His Patriots topped Christian Academy of Knoxville 73-50 before a near capacity crowd inside the Dyer Dome. This was a team that recently defeated Knox Fulton but needed overtime to knock off our Longhorns.
And in spite of his biggest win, coach kept it humble.
He said the win against CAK was for the school, community, and former Patriot players who came back into the locker room to offer their congratulations.
He got 19 points each from sophomore Dustin Bartley and senior Cole Green. Gavin Grubb added 17 and Aaron Frye tallied 10. Yet Dyer made it a point to praise everyone on his squad.
Just like he did Johnson County’s team in their overtime victory inside of Ray Shoun Gymnasium back in February. He praised his team but made sure to praise Coach Austin Atwood and all his kids for their gutsy play. That’s the way Dyer rolls and he’s sincere.
And don’t think for one minute that Atwood wasn’t a Patriot fan against CAK.
Several area coaches were in the stands cheering for Dyer on Monday.
His Christian values and the things he teaches are well known by his coaching colleagues.
Jesus made history for the miraculous miracles he did during his 33 years on earth as a man. That same man is now my personal savior.
The Bible tells us to be Christ-like and Dyer is, both on and off the court.
He too performed a miracle on Monday.
Sullivan East is going to the state tournament for the first time in the school’s 50-year history.
And Johnson County fans should be happy for him.
Tim Chambers is the sports editor for The Tomahawk. He can be reached by email at tomahawksportseditor@gmail.com

Johnson County Middle School tops Colonial Heights

By Tim Chambers

KINGSPORT—The hitting birches fit just fine for JCMS on Tuesday. Head coach Greg Reece watched his Lady Longhorns triumph over Colonial Heights 14-3 in their season opener played in Kingsport.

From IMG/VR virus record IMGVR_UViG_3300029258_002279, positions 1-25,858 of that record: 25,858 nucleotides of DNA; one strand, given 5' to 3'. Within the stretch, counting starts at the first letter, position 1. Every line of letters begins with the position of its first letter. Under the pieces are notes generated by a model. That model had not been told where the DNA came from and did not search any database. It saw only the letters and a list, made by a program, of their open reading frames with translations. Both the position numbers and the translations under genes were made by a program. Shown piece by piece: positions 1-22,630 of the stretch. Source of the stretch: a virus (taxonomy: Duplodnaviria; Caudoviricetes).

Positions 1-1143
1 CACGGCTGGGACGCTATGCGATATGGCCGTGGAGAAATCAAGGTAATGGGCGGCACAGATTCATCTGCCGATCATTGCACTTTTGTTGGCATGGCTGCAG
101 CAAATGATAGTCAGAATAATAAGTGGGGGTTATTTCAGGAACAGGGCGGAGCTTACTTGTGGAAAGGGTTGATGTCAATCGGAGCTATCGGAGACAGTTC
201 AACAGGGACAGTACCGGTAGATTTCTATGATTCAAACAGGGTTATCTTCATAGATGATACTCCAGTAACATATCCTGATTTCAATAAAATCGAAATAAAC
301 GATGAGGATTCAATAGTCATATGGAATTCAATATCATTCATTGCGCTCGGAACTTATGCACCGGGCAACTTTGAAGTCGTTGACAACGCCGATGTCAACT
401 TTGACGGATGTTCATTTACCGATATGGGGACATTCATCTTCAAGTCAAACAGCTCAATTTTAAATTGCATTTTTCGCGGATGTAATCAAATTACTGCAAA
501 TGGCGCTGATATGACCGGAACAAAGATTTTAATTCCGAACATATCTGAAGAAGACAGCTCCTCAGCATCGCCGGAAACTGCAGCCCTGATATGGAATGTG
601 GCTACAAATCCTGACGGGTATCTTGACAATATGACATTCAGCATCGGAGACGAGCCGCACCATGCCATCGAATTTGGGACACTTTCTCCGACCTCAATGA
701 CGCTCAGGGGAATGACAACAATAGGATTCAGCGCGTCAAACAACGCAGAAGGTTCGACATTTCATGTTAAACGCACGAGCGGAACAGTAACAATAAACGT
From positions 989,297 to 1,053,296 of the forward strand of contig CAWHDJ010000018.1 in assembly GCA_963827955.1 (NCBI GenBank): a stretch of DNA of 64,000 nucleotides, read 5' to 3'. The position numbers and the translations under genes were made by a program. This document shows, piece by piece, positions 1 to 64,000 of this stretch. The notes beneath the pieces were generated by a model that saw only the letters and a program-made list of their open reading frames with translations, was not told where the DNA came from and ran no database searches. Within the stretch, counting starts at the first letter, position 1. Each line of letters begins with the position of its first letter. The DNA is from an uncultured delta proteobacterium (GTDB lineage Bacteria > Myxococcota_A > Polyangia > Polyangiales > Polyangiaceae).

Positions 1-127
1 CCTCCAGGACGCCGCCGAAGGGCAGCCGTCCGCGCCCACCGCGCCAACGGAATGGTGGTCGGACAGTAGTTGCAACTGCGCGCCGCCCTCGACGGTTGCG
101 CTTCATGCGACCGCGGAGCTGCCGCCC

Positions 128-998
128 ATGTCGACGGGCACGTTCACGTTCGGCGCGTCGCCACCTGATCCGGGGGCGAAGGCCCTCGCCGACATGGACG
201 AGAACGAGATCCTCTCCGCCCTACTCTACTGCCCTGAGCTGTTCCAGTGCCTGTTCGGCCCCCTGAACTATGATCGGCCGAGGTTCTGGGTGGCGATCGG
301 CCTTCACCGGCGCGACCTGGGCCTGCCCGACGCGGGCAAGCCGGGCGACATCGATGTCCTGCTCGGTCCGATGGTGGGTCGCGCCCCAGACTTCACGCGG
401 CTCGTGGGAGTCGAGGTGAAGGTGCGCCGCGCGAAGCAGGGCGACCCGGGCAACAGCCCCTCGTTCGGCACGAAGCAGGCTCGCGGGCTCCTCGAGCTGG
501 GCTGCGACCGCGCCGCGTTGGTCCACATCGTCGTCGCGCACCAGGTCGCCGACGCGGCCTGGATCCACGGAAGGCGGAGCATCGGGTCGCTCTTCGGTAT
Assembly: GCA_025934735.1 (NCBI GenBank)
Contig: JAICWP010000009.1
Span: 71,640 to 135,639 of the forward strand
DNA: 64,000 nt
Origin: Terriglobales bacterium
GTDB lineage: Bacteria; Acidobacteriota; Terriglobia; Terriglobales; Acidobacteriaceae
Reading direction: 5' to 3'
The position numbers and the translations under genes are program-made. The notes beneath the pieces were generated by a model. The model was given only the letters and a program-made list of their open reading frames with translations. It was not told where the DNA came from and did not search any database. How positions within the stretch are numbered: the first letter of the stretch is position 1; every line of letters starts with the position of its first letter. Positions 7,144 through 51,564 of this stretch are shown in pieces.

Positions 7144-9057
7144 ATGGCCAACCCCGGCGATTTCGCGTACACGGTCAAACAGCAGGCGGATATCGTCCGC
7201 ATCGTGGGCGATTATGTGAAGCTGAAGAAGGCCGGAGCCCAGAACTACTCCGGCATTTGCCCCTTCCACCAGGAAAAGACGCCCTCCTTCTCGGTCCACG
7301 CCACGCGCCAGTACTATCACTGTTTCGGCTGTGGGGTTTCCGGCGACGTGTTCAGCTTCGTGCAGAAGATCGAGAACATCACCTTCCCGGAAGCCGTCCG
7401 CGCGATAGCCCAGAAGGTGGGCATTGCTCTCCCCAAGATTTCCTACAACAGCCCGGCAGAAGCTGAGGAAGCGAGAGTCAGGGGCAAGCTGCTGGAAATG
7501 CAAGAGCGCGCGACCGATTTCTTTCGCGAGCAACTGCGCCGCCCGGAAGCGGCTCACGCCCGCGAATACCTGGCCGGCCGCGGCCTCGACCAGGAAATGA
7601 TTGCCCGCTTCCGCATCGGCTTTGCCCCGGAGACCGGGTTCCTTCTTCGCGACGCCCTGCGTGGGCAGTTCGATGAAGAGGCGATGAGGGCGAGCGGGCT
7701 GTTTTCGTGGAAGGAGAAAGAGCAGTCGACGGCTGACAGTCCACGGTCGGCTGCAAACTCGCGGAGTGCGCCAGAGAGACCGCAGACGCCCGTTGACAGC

It was quite an offensive performance but the first five batters in the starting lineup. They combined for 15 hits, scored 13 runs and drove in eight on the day.
The head coach was happy with everyone’s overall play.
“That was a good way to start the regular season,” said Reece.  “Over the weekend we did not play very well, mostly not following through and do the things that good teams must do. I think the team just decided that they were unhappy with the way things went and were determined to do better tonight, and boy they did. We hit very well at times, although there are some spots in the lineup that have not yet done much, but it is very early. Hitting usually is not the issue for us because that is pretty much all we can work on given the practice situation. The on-field routines will come around eventually.”
The Longhorns scored nine runs over the first two innings to break the game open.
Edington, Miller, Faith Wash and Younce had base hits and scored in frame one. The big blow was a towering home run by Jayla Greg, well over the outfield fence.
That same group combined for base hits to help score four more runs in the second inning.
Miller and Younce had doubles in the third along with a base hit by Cassidy Lakatos that produced a couple more runs.
Sydni Potter added an RBI double in the fifth that came after base hits from Edington, Miller, Younce and Greg.
Younce pitched all five innings to earn the victory. She scattered seven hits with six strikeouts.
She helped her cause by going 4-4 at the plate with three RBIs. Miller was 4-4 with four runs scored. Greg produced four hits, three RBIs and two runs scored. Edington and Wash had two hits apiece and scored twice. Potter, Lakatos, Paige Knight and Haley Rider added one hit each.